Paul Conrad

  • Share
  • Read Later

A group of US cartoonists were once invited to have lunch with George H.W. Bush. Somehow the subject of beach balls came up, and from the far end of the table came Paul Conrad's voice: "Speaking of beach balls, Mr. President, how's Dan Quayle doing?"

Conrad, who died Sept. 4 at 86, was absolutely fearless--a volcano of opinion and assertion. He drew many famous political cartoons, like Nixon nailing himself to a cross, but his batting average was also extremely high. Day after day over his long career, which included nearly 30 years at the Los Angeles Times, his beautiful drawings in stark black and white were brutally honest. His work did not go unrewarded; he won three Pulitzers.

Conrad was a liberal and very concerned about civil and human rights. He was very much against the war in Vietnam, and his sense of morality was informed by his lifelong Catholicism. He enjoyed being on Nixon's enemies list immensely--we were all jealous of that--and was also extremely proud of having been awarded the Nixon Chair at Whittier College. It was the college's way of saying, "Yeah, we've got this chair, but that doesn't mean we're big fans of Richard Nixon."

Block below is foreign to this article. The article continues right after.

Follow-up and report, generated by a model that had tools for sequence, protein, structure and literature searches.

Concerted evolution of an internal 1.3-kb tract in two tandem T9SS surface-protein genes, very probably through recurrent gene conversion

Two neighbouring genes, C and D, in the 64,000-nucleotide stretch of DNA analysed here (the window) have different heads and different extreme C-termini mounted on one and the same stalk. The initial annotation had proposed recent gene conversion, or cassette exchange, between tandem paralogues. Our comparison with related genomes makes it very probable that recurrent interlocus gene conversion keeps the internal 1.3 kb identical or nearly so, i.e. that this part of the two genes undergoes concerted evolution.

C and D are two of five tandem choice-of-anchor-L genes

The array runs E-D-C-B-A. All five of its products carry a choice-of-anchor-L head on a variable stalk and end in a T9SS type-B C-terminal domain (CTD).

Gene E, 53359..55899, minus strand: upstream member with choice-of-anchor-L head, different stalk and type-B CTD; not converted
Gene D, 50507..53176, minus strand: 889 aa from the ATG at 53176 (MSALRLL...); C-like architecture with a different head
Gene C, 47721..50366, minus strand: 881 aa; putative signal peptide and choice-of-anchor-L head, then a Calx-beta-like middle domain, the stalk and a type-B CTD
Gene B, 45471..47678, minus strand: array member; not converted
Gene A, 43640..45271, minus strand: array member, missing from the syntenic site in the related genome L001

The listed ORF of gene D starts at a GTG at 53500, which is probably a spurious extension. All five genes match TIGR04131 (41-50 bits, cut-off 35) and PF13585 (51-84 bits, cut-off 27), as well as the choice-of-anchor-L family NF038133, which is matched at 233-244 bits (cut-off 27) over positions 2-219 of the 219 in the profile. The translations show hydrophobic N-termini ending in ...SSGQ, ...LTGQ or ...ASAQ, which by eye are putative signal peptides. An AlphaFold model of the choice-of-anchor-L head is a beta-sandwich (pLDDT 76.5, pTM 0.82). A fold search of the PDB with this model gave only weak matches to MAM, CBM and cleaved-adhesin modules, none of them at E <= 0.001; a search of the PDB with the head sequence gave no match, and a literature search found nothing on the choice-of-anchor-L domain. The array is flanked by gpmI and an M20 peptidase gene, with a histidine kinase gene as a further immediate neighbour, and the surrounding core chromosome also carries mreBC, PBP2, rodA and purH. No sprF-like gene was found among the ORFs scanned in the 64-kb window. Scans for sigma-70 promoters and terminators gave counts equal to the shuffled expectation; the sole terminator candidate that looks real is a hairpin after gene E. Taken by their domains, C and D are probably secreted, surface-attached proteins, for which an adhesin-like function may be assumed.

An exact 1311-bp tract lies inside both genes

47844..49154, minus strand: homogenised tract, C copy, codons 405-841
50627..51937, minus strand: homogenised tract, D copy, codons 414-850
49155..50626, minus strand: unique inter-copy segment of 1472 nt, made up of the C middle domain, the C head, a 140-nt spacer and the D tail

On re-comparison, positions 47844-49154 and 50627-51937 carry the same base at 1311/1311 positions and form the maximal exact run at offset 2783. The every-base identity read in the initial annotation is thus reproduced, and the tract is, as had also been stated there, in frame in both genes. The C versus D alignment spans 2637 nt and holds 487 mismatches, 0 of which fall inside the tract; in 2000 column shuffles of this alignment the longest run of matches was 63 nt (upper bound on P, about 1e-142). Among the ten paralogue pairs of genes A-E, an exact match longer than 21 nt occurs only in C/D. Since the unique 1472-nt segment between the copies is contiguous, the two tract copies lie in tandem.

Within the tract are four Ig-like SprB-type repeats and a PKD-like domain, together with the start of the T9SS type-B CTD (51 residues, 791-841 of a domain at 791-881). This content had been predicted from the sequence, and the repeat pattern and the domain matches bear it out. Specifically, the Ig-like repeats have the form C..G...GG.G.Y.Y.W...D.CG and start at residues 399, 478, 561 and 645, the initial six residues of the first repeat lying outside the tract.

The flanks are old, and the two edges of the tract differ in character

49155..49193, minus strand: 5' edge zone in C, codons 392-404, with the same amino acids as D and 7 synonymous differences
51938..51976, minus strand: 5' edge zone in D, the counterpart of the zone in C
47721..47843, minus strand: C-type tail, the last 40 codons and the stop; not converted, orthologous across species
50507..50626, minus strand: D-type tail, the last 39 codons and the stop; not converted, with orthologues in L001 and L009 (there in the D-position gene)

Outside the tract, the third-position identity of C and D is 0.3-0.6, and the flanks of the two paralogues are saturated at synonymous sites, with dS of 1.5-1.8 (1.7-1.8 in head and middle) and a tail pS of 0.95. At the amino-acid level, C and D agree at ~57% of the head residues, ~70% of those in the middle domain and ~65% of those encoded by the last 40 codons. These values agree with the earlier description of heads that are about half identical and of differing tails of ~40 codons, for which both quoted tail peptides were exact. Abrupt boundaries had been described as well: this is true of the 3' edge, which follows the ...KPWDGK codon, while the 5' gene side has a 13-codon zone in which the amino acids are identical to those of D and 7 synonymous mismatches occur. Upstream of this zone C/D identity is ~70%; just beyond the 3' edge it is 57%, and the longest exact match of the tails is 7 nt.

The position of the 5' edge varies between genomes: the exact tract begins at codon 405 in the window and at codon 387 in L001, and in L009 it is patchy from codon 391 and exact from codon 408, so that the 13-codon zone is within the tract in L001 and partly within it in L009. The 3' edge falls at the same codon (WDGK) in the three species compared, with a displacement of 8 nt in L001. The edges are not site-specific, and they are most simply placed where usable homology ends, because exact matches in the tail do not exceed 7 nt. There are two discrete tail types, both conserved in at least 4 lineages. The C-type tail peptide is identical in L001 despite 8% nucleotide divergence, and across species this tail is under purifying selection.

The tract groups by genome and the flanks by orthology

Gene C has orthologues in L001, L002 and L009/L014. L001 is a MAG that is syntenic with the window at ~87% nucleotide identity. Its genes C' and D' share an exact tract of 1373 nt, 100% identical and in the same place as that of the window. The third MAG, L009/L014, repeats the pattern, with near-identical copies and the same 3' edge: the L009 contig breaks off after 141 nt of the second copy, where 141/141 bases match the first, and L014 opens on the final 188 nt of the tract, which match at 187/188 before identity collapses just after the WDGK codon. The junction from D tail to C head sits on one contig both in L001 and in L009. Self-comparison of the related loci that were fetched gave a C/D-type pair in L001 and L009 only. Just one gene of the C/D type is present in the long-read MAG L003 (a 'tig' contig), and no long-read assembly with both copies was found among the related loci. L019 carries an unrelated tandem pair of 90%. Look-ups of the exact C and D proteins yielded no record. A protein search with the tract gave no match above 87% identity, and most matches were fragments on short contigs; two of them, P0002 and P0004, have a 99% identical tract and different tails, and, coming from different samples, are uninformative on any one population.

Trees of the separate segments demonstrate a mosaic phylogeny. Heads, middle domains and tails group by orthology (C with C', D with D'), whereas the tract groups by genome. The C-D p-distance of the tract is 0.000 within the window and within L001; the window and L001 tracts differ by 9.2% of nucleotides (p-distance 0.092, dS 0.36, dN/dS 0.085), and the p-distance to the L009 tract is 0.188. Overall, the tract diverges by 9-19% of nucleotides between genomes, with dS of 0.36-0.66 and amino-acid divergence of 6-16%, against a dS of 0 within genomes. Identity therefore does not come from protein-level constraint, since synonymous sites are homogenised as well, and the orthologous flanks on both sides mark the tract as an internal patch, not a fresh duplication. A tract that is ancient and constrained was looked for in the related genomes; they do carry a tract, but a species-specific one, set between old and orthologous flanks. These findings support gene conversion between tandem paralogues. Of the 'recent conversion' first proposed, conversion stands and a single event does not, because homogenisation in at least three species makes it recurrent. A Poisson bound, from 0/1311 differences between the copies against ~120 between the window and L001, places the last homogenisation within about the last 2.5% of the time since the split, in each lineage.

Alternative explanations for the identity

I met him when I was 22. I called him up and said, "Mr. Conrad, sir, I'm a young would-be cartoonist. Would you look at my work?" And this booming voice says, "Come on down, kid!" So I traipsed down to the L.A. Times. He looked at my drawings and said, "They're not bad, kid." But he also said, "You're loving them to death. The cartoons have to look easy. They have to look like you got really pissed off and you sat down and drew this thing."

When I got my job in Philadelphia in 1971, I called Conrad to share my excitement. He listened in silence, and then he said, "Philadelphia. What was second prize?"

Auth, a Pulitzer Prize winner, is the staff editorial cartoonist at the Philadelphia Inquirer